Shift Patterns

Have you noticed how the world is still organised around most people working a 9-5 mon-fri job?

Do you work that sort of job? See I don’t know many people who do – even those who work in offices now routinely work flexi-time hours. I am not just talking about people who have taken a specific arrangement to allow them to arrive late because of dropping off kids at school and make up the hours or who have complicated arrangements to allow them to continue working despite illness/disability or caring responsibilities. Increasingly I find most of my friends use work-from-home arrangements and routinely shift their hours to start before 8 in the morning or finish after 8 in the evening in order to compensate for complex projects or odd sleeping patterns. And that’s before we get into shift workers and service industries…
So why do we maintain the fiction?

Well first off I think there is the fact that everyone needs one day off a week (and lets be honest 2 is better) but a core set of hours is essential for real conversations because there are some things that can’t be done by email so why get rid of the ones that we already have?

But the second reason which we admit less often.. is that we also want core socialising hours. We want time to fit in those hours of meeting friends- days when plenty of people can go to weddings and funerals, parties and gigs.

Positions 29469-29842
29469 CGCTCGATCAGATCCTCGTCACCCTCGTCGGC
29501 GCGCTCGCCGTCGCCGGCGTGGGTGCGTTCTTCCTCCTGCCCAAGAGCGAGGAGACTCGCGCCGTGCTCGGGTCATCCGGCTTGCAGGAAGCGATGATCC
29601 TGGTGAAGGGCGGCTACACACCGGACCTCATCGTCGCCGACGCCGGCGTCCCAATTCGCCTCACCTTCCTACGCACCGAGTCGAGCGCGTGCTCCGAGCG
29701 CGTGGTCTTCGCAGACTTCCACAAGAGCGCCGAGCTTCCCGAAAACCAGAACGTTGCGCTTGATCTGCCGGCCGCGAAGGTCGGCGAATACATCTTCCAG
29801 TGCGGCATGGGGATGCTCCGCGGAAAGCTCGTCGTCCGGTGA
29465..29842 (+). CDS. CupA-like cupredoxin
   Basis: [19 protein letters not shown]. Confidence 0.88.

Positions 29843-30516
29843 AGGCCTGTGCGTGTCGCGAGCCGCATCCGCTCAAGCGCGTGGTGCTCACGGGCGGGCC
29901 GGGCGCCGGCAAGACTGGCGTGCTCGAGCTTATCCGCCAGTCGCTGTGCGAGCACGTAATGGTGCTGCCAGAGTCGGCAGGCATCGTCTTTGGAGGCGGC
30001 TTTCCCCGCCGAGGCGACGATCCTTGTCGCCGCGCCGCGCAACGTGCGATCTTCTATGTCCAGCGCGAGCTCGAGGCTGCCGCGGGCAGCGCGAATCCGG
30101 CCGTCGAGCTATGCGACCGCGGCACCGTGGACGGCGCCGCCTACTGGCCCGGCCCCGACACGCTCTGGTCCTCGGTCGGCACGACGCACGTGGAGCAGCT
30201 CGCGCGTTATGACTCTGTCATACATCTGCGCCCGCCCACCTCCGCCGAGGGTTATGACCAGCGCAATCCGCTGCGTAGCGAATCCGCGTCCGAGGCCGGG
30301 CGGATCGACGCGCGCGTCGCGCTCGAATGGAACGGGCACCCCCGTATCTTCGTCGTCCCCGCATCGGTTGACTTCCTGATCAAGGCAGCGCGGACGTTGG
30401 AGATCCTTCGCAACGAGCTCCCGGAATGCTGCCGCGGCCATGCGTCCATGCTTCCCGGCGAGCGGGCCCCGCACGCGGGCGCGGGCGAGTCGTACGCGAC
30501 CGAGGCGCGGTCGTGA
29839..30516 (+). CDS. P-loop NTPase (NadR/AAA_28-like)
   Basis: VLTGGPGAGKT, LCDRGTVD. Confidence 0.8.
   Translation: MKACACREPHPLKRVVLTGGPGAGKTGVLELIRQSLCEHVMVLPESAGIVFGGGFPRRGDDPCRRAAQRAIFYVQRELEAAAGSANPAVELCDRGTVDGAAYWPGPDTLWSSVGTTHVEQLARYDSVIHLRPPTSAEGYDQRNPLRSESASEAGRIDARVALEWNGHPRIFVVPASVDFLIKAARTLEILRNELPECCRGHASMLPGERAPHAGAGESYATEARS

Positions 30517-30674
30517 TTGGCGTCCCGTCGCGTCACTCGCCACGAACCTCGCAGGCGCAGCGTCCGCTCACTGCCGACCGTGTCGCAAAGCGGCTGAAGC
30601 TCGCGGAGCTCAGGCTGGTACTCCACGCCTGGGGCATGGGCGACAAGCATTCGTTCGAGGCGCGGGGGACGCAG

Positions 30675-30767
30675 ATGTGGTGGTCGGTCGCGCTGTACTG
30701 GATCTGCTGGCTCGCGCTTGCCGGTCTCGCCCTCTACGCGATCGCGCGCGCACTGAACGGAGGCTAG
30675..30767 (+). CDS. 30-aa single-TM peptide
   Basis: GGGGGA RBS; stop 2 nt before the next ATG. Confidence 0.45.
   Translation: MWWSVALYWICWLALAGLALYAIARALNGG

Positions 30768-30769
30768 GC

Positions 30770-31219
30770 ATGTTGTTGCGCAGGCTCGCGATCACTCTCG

Who wouldn’t?

So what do those of us whose job it is to cater to people socialising do? Those of us who decline invitations due to work commitments 3/4 of the time? Who work mostly evenings and weekends? When do we organise our parties? And how do we make our shifts more compatible with the vagaries of modern family life?
Yet perhaps as the world begins to shift to a more flexible model it will be possible to break out of the 9-5 mon-fri pattern and to still keep both work contact hours and core social connections – its complicated and it doesn’t work all the time but?

 

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